i.e. set the texture and filter directly rather than setting what texture unit to use and then biding the correct thingy to that unit… the above does look nicer, but I am not so sure that current day hardware is actually that flexible…

I don’t see why buffers can’t be 2D or 3D or why there should be any difference between them, that should all be up to the meta data or maybe cache hints.
The point here is that if you only use buffers for data you should be able to treat them the same way, maybe you might want to render directly to a height map that also works as a VBO or whatever, and sure most of it could be done today, i just don’t want the api to stand in our way

Essentially the way i envision it is that openGL ends up having a bunch of “slots”, you have data slots, shader slots and output slots.
at load time you load the buffers and then “bind” them to each slot, the same with the shaders.
(note that binding in this case is in the same way as you would bind uniforms, like texture samplers)

then you start rendering by calling lets say an object shader (basically it is a shader version of glDrawElements and the like)
glRender(GL_OBJECT_SHADER, objectShader1);

each shader would then execute in order using a standardized set of input/ouput vars (no more custom varying variables)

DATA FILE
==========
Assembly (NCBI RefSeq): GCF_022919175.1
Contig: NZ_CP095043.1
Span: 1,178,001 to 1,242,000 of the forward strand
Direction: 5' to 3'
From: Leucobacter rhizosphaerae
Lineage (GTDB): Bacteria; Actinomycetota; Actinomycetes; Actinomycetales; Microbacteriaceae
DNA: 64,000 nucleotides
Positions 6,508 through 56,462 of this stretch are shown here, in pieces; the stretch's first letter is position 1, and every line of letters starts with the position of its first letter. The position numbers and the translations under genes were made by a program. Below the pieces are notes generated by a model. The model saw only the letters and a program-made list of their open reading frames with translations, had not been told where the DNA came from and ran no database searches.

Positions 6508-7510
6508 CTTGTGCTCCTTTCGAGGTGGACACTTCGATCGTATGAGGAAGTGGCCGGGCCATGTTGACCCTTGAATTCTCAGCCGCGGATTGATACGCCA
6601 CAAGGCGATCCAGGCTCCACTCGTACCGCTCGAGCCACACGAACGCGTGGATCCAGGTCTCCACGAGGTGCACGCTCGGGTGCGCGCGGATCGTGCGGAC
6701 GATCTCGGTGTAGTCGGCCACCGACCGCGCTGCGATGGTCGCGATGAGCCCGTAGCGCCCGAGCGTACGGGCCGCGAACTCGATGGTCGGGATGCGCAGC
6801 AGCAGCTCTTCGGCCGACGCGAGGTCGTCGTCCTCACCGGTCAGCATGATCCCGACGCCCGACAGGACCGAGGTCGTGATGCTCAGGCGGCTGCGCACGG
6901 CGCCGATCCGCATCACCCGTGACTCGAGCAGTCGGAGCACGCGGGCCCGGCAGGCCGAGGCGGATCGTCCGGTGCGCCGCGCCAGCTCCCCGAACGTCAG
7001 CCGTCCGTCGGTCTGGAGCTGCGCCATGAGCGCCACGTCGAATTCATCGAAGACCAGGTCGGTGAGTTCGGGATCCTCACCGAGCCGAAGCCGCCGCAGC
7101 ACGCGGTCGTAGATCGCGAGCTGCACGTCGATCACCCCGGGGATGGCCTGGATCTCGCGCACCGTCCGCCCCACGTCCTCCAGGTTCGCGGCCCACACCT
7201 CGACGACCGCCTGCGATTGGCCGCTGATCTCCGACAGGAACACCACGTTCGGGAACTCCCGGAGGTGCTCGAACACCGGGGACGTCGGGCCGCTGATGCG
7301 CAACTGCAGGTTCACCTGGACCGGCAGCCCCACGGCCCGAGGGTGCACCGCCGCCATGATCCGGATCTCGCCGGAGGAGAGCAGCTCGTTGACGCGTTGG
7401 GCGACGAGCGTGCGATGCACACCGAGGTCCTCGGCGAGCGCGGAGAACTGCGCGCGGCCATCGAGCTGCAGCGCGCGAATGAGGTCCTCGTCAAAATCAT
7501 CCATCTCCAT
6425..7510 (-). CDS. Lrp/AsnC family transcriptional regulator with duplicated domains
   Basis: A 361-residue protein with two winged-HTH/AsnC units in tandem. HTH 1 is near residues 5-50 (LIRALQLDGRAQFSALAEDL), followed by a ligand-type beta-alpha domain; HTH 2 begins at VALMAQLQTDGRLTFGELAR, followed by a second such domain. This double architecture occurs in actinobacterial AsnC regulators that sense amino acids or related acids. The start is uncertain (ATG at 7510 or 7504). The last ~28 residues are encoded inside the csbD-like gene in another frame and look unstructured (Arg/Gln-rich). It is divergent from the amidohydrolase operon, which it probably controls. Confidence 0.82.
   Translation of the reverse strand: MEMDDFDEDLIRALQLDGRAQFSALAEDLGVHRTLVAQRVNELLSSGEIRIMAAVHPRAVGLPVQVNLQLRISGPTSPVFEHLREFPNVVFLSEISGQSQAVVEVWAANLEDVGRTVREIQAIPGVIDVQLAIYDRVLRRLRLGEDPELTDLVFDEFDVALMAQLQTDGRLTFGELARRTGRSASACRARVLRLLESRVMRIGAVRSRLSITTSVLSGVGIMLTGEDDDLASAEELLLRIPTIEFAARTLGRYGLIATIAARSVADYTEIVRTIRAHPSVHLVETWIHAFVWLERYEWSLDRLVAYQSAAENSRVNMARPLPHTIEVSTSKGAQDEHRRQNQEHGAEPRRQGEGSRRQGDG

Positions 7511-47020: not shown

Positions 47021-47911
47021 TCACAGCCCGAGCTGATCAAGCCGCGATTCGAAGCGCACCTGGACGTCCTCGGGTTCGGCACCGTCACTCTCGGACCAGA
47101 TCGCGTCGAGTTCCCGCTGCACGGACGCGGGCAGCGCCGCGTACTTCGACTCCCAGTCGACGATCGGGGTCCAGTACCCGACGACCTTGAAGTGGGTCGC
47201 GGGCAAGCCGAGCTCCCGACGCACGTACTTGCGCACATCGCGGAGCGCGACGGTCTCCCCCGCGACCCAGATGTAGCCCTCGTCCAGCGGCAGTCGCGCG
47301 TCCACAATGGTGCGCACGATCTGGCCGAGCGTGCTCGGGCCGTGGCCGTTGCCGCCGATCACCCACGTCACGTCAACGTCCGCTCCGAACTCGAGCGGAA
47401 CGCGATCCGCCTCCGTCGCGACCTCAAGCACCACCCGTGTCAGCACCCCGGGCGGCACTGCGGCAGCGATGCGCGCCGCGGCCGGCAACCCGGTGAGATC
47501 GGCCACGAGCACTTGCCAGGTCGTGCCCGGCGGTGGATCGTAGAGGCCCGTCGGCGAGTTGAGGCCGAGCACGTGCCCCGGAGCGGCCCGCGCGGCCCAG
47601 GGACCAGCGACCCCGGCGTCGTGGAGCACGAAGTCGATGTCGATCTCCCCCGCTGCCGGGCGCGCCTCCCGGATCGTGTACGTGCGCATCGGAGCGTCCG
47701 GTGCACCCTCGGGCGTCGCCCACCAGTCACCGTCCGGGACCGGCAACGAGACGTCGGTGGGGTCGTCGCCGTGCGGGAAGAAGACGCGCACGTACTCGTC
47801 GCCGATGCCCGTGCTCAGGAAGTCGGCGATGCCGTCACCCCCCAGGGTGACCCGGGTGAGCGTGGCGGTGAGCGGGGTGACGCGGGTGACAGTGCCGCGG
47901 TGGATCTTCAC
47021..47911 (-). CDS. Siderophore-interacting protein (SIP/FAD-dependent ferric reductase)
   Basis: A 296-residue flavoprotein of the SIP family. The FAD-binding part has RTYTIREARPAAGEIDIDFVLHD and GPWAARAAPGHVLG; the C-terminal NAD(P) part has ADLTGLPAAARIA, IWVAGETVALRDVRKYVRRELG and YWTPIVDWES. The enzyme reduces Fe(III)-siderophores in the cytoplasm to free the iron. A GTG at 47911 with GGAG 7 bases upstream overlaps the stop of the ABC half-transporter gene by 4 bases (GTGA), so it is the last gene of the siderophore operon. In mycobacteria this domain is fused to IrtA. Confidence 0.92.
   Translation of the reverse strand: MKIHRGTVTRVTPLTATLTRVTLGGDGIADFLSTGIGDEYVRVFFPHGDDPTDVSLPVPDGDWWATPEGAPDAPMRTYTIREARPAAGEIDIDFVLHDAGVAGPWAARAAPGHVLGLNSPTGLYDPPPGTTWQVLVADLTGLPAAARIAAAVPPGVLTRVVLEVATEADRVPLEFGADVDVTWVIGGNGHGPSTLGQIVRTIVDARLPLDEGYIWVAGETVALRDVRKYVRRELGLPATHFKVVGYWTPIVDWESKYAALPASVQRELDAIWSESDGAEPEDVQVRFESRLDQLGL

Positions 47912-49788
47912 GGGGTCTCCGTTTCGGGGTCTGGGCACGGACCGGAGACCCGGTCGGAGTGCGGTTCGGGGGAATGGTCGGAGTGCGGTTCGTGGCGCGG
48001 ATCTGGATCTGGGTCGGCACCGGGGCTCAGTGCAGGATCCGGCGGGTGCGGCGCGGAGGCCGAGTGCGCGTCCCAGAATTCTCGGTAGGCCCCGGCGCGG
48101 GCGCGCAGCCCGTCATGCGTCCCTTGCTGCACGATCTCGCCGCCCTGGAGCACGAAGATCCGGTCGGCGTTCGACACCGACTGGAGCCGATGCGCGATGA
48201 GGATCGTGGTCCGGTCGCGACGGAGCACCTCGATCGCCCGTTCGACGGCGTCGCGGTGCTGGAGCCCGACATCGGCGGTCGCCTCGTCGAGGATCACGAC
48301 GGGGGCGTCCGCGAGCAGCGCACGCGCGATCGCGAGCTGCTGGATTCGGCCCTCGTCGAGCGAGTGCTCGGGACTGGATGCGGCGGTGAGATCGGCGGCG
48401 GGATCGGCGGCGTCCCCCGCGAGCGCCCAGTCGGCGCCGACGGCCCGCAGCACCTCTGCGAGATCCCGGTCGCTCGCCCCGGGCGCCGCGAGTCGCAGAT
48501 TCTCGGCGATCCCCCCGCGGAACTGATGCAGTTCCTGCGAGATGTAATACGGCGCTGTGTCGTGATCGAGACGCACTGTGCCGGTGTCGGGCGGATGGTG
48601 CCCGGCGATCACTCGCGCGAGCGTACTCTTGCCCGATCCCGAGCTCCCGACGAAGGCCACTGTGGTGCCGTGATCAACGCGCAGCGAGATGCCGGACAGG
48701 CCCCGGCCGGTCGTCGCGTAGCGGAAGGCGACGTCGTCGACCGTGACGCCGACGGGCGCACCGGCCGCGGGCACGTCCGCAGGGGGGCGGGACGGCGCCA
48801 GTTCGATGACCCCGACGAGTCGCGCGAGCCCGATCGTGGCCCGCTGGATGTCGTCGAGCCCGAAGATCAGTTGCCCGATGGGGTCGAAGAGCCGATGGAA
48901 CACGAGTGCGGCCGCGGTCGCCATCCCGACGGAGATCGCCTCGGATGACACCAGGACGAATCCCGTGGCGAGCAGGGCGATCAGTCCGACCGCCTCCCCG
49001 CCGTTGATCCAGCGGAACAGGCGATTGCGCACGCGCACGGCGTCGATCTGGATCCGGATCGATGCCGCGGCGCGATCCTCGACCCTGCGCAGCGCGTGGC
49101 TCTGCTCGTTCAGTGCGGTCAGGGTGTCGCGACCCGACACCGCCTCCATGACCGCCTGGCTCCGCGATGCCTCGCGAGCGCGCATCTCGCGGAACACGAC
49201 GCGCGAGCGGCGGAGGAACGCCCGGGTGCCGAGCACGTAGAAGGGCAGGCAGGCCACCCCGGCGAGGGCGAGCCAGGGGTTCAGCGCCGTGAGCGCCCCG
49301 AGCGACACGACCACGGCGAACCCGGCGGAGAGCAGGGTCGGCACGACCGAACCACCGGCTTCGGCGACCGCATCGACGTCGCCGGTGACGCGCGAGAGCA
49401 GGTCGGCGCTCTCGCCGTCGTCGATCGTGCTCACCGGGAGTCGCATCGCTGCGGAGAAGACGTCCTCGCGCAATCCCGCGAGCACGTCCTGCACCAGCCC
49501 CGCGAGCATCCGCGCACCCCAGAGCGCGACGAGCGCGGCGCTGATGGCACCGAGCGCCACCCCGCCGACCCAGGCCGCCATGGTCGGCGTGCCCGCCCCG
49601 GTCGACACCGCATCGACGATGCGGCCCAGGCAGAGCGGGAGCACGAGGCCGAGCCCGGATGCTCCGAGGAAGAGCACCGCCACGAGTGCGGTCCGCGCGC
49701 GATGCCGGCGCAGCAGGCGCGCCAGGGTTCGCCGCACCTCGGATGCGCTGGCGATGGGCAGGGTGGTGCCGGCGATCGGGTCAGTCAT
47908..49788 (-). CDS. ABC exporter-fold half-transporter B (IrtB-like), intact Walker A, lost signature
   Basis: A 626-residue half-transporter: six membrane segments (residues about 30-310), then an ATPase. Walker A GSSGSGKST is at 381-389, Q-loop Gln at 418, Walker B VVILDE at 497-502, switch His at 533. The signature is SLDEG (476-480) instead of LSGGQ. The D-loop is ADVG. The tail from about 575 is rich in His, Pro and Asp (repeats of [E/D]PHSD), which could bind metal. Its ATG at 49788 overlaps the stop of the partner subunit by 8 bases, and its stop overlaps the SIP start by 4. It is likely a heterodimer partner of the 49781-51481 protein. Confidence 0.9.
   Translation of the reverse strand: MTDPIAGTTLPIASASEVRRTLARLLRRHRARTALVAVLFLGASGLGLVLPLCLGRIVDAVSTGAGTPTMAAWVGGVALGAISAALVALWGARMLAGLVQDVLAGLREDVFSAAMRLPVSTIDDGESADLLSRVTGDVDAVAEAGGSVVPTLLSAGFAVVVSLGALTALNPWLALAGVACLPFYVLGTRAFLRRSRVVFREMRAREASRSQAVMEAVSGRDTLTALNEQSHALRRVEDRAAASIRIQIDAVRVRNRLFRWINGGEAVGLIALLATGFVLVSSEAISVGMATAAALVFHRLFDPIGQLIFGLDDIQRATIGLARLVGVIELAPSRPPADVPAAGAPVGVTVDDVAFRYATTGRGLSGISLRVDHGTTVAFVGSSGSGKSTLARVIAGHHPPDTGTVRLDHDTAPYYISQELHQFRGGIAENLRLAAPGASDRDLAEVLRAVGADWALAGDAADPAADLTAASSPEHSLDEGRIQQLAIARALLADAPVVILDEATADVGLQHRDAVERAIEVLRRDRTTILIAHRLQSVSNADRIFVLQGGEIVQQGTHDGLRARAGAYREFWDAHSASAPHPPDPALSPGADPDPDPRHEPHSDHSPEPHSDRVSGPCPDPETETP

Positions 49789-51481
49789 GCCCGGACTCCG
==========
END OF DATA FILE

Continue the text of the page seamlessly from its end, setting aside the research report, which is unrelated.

I don’t see why buffers can’t be 2D or 3D or why there should be any difference between them, that should all be up to the meta data or maybe cache hints.
The point here is that if you only use buffers for data you should be able to treat them the same way, maybe you might want to render directly to a height map that also works as a VBO or whatever, and sure most of it could be done today, i just don’t want the api to stand in our way[/QUOTE]

Groovounet is spot on about memory arrangement. Your suggestion would probably be a very slow implementation for texturing. The texture memory fetch operations are NOT random and follow some definite usage patterns with strong spatial coherency. This combined with hardware implementation decisions mean that there are ways to optimize the texture memory on the GPU which provide much better performance than a simple 2D array. The vendors didn’t do straight 2D arrays of data for a reason, and not only to make their life harder.

Memory arrangement is not anything one should concern onselfs with just yet, at least not at the API level, who says a texture has to be read in a specific way.
Lets say a lookup texture in where you store random sampling positions, these have a different usage pattern than one that is used for colors.

also imagine the day where we are not as much rendering as we are doing simple gpgpu computations then memory usage patterns will change once more.
I guess my point is that before you worry about the technical minutia let’s take a long and deep look at how the api should work so that it’s powerful, easy to work with and more or less future proofed.

If you don’t design you API so match the hardware, you are going to get bad performance.

As bertgp said, texture access is all about spatial coherency. Buffer are used as input stream which give two ready differences way to hide memory latencies.

Cuda and OpenCL take advantage of these 2D caches as well.

To test these texture spatial coherency you may display a subdivided quad with random texture coordinates, 1 vertex per pixel and obverse the performance difference with a usual texture coordinates.